Thursday, August 25, 2011

From Libya to Isratine

Jeffrey Goldberg says that now that Muammar Qaddafi has lost power, his proposal for a one-state solution should be dumped. I'm all for the horrible "Isratine" solution going out of circulation, but thinking that the Libyan revolution will lead to widespread adoption of the two-state solution in the Arab world is wishful thinking.

Opposition to Israel's existence and the continued dream of return goes much deeper than Qaddafi. In fact, Africa's self-proclaimed King of Kings didn't even invent the concept, only gave it a new name, Isratine, instead of just Palestine. It would seem Qaddafi's version is more moderate, because part of Israel is still in the name, but the truth is that it is even more deceptive than those who call for one state called Palestine from the River Jordan to the sea. The "Isra" would lose all power to the "tine", with Jews becoming a persecuted minority.

On the bright side, Goldberg may not be entirely wrong. Isratine will not die out, but Qaddafi will not be able to send millions to those who would work toward the one-state solution. One less source of funds means less power. At least there's that.

Wednesday, August 24, 2011

Badly Timed Assassination

I was very impressed by Benjamin Netanyahu's handling of the latest round of Gaza-Israel violence. I thought his restraint was admirable, and believed it was smart and responsible of him to reach a ceasefire.

Then the IDF went and assissinated a high ranking member of Islamic Jihad last night. Let me be clear - I mourn no dead terrorist and I don't oppose targeted assassinations. I do, however, oppose the timing of this one. Israel is no less obligated to adhere to the ceasefire than the Gazans. We should not fire into Gaza unless there is imminent danger, such as a squad about to launch rockets or trying to enter Israel.

The IDF says that the dead terrorist was planning attacks on Israel through Sinai. From what I understood, he was not on his way to one, he was just one of the planners of future attacks. Does killing one person really make the operations he was involved in much less likely to be executed? Now there will be more rockets on Israel with no good reason, and the Palestinians can say "Israel started it" without lying. Was it worth it?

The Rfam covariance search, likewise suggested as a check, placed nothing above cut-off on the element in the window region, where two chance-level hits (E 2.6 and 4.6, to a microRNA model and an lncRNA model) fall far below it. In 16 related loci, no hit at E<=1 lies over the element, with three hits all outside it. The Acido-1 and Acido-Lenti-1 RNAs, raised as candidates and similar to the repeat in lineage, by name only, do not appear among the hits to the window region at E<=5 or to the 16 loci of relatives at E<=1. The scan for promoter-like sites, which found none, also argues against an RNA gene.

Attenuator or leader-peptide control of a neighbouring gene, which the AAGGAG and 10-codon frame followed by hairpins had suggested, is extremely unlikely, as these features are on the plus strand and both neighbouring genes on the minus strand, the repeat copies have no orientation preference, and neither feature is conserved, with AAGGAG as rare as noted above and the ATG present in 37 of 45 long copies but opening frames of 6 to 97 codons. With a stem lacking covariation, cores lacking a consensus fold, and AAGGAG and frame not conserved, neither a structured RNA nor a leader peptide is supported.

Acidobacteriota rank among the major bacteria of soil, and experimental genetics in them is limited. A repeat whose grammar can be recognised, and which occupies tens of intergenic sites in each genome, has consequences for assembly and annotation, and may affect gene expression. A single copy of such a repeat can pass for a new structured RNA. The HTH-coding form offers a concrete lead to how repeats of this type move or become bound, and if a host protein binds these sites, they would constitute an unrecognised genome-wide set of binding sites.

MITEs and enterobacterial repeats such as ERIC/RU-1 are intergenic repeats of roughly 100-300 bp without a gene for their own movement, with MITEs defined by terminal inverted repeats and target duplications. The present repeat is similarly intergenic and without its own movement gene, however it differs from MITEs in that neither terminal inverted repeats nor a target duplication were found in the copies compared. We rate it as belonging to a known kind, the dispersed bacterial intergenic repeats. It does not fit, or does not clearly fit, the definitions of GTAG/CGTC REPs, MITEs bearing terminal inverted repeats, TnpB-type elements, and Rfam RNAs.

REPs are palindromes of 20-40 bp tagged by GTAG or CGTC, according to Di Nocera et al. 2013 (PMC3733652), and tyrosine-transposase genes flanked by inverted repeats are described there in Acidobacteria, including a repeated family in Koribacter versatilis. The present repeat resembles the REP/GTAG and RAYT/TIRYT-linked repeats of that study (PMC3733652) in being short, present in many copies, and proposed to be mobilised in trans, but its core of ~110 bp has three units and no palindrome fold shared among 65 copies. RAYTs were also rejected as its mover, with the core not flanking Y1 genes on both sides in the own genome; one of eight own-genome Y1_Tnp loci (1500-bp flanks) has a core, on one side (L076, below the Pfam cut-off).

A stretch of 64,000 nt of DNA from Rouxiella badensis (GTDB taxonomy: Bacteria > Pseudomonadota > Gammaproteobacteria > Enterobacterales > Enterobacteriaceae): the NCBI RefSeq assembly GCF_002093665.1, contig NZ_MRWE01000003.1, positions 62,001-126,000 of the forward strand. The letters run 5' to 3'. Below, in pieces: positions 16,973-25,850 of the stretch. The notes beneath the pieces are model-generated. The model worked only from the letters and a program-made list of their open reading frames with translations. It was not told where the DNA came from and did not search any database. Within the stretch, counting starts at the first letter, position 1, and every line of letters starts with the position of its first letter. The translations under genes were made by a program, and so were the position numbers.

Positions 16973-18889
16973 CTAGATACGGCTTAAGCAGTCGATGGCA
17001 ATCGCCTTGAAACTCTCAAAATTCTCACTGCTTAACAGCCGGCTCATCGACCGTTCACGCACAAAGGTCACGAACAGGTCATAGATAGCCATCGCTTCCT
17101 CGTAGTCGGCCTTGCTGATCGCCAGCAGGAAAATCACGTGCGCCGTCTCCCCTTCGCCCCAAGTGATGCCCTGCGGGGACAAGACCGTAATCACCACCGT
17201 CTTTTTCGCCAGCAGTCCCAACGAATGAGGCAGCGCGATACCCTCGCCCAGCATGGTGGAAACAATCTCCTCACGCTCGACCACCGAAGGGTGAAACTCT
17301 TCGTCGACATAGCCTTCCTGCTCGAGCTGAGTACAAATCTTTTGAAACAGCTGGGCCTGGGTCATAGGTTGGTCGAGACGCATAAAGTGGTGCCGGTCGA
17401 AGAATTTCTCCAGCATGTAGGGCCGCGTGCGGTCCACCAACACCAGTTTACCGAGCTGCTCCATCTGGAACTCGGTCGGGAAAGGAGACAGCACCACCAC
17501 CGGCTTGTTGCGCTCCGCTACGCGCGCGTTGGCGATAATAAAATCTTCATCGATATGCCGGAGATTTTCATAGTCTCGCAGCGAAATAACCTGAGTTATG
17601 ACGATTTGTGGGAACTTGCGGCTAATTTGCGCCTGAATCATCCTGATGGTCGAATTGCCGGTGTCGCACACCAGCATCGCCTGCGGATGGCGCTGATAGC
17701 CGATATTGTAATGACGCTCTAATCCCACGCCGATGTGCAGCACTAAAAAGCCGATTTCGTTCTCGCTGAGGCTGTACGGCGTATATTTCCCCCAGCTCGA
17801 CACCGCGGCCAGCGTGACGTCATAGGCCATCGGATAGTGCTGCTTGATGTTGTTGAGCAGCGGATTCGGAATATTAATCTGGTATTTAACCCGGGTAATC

The best way to deal with Palestinian terrorism from Sinai is to work with the Egyptians and to complete the border fence between the two countries. That would make Israel much safer than any individual assassination.

Tuesday, August 23, 2011

Tent Protests Going Awry

In what seems like a pathetic attempt to win back media attention, some in the Israeli social justice movement have turned away from peaceful protests. Instead, they took over vacant buildings owned by the Tel-Aviv municipality, declaring they're going to turn them into community centers for the general public. Cops took them out of the building, but these self-proclaimed revolutionaries have declared they will invade the buildings again, and will do the same thing in other cities.

I wish these were splinter groups, acting without the consent of the movement's unofficial leadership. Unfortunately, that isn't the case. The Tent Protests' official website features the squatters prominently. On the bright side, newspapers are reporting that there is deep disagreement within the movement regarding these activities, including among its leaders.

Listen to those who want to return to the peaceful protests and stop squatting! Now that the security situation seems to have quieted down, socio-economic issues can return to the forefront without any publicity stunts (other than the part about living in tents). Illegal acts are counterproductive. Take me as an example: I support the tent movement and I've attended one of its rallies. However, if taking over abandoned buildings becomes the symbol of the protests, I will stop supporting them and will not participate in any more rallies. There are many Israelis like me, and at this rate, the "Million Person March" scheduled for September 3 not only will not have a million participants, it won't have 100,000.

Get a grip!

Sunday, August 21, 2011

Ceasfire Tonight